There is much talk these days about crowdsourcing and how companies can tap into the power and diversity of the crowd. I will share my views and perspectives on some good examples as well as bad ones in a series of blog posts.
I have previously written about LEGO and now I would like to share some insights and views on Amazon and their efforts with crowdsourcing.
The Key Message: Crowdsourcing has the potential to change an entire industry.
The Case: When we talk about Amazon and crowdsourcing, some people will think of Amazon Mechanical Turk, which is a marketplace for work. However, a few years ago, Amazon also embraced crowdsourcing, when they entered the movie making industry.
At first, Amazon asked for feedback on which pilots that should turn into a real series, but as you can read in this article, Amazon Studios May Crowdsource Selection of Its Web TV Show Pilots, they also want to engage the crowd even earlier in the creative process.
On the FAQ page of Amazon Studios, you also learn that they have two distinctive characteristics of their process:
1. We have an open door for creators. There are a lot of great ideas in Hollywood, but not everyone can be there or get their work into the right hands. Amazon Studios is open to ideas from around the world. We are proud to have recognized talented writers and filmmakers in the US, Canada, the UK, China, Zimbabwe, the Dominican Republic and other countries. Great ideas are out there.
2. We invite the audience in early. Amazon Studios seeks feedback about projects and ideas, even in their earliest stages. And to reach the most people, we try to shape stories into a form that is short, or visual, or both. We will test premises, storyboards, posters, videos, test movies, pilots, promos, and other formats to see what people think. Scripts are critically important in development, but they are just not accessible to most audiences.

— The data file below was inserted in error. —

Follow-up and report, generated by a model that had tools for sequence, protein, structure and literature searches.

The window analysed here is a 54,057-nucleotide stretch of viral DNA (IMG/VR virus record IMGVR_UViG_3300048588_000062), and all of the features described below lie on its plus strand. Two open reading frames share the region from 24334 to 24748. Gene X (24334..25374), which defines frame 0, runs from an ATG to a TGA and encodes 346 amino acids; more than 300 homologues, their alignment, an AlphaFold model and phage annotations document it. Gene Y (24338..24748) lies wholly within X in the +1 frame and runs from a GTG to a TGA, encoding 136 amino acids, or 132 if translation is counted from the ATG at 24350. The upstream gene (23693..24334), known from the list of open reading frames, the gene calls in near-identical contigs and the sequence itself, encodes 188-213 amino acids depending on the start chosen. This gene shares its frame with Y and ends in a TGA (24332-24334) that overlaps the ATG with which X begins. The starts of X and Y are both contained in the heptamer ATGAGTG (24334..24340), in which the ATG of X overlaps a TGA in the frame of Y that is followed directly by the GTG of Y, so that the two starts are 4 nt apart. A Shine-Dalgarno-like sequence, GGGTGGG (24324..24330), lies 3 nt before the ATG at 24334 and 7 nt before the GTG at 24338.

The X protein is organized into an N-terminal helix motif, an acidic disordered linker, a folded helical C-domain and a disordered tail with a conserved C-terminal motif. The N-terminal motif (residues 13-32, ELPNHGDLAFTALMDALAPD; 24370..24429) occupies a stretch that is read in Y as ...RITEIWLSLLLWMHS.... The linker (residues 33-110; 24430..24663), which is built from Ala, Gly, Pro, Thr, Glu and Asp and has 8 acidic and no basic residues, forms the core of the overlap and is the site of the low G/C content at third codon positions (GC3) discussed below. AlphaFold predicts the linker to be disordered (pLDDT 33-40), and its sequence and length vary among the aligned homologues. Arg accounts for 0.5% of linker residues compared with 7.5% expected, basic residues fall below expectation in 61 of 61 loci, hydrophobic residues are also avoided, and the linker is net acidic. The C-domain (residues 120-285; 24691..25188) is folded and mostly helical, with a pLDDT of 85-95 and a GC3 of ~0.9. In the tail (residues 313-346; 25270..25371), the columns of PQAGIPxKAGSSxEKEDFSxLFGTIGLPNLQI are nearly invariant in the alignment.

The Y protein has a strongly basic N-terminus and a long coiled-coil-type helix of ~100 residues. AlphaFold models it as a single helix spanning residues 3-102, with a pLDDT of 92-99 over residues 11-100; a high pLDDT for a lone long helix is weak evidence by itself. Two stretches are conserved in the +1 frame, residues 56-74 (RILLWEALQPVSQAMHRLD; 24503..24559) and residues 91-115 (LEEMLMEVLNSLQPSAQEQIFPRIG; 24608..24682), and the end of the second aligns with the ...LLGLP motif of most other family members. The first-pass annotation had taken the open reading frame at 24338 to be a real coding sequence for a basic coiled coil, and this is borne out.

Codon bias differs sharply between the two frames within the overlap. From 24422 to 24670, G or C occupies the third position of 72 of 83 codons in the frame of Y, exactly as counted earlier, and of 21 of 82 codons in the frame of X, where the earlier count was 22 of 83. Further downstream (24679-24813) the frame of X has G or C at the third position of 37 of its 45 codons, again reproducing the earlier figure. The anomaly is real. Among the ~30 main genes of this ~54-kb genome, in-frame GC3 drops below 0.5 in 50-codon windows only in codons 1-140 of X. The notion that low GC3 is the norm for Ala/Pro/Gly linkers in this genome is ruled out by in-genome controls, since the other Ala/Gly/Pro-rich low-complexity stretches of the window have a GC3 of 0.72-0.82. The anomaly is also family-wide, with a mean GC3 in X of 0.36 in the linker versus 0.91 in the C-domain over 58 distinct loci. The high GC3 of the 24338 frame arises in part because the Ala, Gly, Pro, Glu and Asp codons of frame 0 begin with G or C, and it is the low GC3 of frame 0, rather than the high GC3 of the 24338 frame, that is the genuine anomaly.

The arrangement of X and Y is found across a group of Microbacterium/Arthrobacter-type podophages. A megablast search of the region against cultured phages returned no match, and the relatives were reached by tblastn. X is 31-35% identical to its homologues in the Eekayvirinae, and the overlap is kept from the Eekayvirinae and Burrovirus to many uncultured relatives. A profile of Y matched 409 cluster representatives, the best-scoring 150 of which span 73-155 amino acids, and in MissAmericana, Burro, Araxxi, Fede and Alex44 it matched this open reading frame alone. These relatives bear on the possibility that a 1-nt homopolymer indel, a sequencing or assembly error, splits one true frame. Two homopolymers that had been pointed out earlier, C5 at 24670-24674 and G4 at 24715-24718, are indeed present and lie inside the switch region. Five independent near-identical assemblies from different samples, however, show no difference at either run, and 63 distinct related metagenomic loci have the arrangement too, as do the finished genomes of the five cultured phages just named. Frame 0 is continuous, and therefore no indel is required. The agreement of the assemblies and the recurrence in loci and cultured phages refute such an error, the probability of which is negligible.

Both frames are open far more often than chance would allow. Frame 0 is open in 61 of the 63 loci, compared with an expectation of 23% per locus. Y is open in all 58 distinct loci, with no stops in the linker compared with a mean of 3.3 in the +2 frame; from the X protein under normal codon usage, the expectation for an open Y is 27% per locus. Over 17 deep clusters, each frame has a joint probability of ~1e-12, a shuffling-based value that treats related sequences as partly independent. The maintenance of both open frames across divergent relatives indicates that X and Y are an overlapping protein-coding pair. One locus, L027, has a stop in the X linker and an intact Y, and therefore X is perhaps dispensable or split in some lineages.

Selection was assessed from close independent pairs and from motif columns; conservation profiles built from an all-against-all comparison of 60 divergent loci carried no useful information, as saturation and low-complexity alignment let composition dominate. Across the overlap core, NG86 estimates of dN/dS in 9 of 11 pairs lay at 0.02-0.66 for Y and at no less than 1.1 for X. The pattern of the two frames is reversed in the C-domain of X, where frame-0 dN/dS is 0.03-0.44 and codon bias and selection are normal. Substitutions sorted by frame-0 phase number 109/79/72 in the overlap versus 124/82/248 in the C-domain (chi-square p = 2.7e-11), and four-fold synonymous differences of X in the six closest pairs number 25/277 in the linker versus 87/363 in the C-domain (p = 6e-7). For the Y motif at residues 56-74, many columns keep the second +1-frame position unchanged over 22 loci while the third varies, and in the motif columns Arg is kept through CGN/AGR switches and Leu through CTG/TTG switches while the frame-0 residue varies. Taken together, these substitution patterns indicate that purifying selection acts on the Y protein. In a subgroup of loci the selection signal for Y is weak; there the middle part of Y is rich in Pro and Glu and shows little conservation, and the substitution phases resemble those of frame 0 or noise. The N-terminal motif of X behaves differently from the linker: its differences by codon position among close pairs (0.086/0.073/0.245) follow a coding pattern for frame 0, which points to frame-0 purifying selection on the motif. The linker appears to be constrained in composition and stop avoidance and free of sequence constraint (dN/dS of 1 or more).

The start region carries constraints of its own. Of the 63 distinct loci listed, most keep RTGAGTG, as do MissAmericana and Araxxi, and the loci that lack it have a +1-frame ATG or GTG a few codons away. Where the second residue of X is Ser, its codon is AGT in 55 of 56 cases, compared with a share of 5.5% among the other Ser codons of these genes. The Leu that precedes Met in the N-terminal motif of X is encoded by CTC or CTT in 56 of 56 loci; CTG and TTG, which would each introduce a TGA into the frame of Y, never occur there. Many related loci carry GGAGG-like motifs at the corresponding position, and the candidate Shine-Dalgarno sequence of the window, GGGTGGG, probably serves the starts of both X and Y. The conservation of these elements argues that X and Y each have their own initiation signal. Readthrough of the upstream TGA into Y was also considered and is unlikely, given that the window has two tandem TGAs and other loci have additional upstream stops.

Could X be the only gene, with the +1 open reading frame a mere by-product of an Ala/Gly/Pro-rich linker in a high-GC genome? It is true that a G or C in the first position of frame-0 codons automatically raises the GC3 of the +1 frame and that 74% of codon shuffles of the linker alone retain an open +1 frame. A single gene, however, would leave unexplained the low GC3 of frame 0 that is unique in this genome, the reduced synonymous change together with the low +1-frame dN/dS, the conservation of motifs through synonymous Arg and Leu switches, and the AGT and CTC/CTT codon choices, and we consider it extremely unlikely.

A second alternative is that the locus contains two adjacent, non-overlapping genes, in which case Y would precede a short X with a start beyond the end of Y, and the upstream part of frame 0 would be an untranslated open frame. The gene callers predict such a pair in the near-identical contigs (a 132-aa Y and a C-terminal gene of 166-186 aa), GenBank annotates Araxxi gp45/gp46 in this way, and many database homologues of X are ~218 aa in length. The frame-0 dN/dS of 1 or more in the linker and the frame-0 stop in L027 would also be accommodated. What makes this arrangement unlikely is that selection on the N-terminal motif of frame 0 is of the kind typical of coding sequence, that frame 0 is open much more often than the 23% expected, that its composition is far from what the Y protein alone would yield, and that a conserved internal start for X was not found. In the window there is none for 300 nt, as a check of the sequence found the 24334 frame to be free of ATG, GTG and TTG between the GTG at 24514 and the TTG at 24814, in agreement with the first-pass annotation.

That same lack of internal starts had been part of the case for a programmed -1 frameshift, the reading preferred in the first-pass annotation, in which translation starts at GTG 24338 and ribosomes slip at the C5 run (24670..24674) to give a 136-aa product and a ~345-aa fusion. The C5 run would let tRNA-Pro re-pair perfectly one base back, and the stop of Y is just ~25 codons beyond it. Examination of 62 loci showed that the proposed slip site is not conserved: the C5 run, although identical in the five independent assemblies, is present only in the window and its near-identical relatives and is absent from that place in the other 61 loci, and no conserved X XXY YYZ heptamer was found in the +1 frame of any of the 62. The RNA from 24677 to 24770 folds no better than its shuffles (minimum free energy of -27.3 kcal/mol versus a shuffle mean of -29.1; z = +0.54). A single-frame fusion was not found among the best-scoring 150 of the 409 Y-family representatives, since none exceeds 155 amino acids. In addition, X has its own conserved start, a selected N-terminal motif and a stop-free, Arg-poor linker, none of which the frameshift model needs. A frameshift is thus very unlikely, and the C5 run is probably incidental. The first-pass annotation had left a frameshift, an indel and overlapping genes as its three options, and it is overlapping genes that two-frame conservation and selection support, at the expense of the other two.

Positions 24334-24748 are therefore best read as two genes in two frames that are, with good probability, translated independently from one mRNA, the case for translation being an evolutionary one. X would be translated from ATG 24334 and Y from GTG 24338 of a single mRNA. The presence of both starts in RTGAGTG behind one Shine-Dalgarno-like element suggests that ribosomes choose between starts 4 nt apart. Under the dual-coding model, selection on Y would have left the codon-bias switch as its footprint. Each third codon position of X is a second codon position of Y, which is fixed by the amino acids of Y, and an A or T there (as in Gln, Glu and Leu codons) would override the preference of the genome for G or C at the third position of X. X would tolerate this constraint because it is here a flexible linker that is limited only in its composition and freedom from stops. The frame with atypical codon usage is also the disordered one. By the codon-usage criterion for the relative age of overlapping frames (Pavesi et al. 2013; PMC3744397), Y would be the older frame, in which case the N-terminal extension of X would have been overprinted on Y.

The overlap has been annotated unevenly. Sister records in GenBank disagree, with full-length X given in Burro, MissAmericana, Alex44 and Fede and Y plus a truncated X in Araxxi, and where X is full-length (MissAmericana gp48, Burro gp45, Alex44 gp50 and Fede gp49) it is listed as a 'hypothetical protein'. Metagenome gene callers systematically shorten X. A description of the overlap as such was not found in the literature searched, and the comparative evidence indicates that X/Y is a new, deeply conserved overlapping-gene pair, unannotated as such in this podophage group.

The main crowdsourcing vehicle is a community-like site in which everyone with an interest in movies and TV-series can upload ideas as well as share their views on the ideas of others.
I like this approach because of the potential power that lies in the intersection of the insights, needs and requests from a crowd and the ability from creative individuals such as writers and directors (or corporate innovators in more traditional companies) to come up with something entirely new.
I mention this intersection because we need to remember that the crowd has a strong follower or herd mentality, which can hinder real creativity and innovation.
So the key here is to strike the right balance of the crowd and individual creative freedom and if companies – in this case Amazon Studios – can do this, then they have a great opportunity to get a much better success rate on their innovation and business development efforts.
If this happens, they might even have the potential to disrupt industries.
Don’t Miss! LEGO and the Power of the Crowd
Please join us on February 24th for a Webinar with Stefan for more perspective on The Power of the Crowd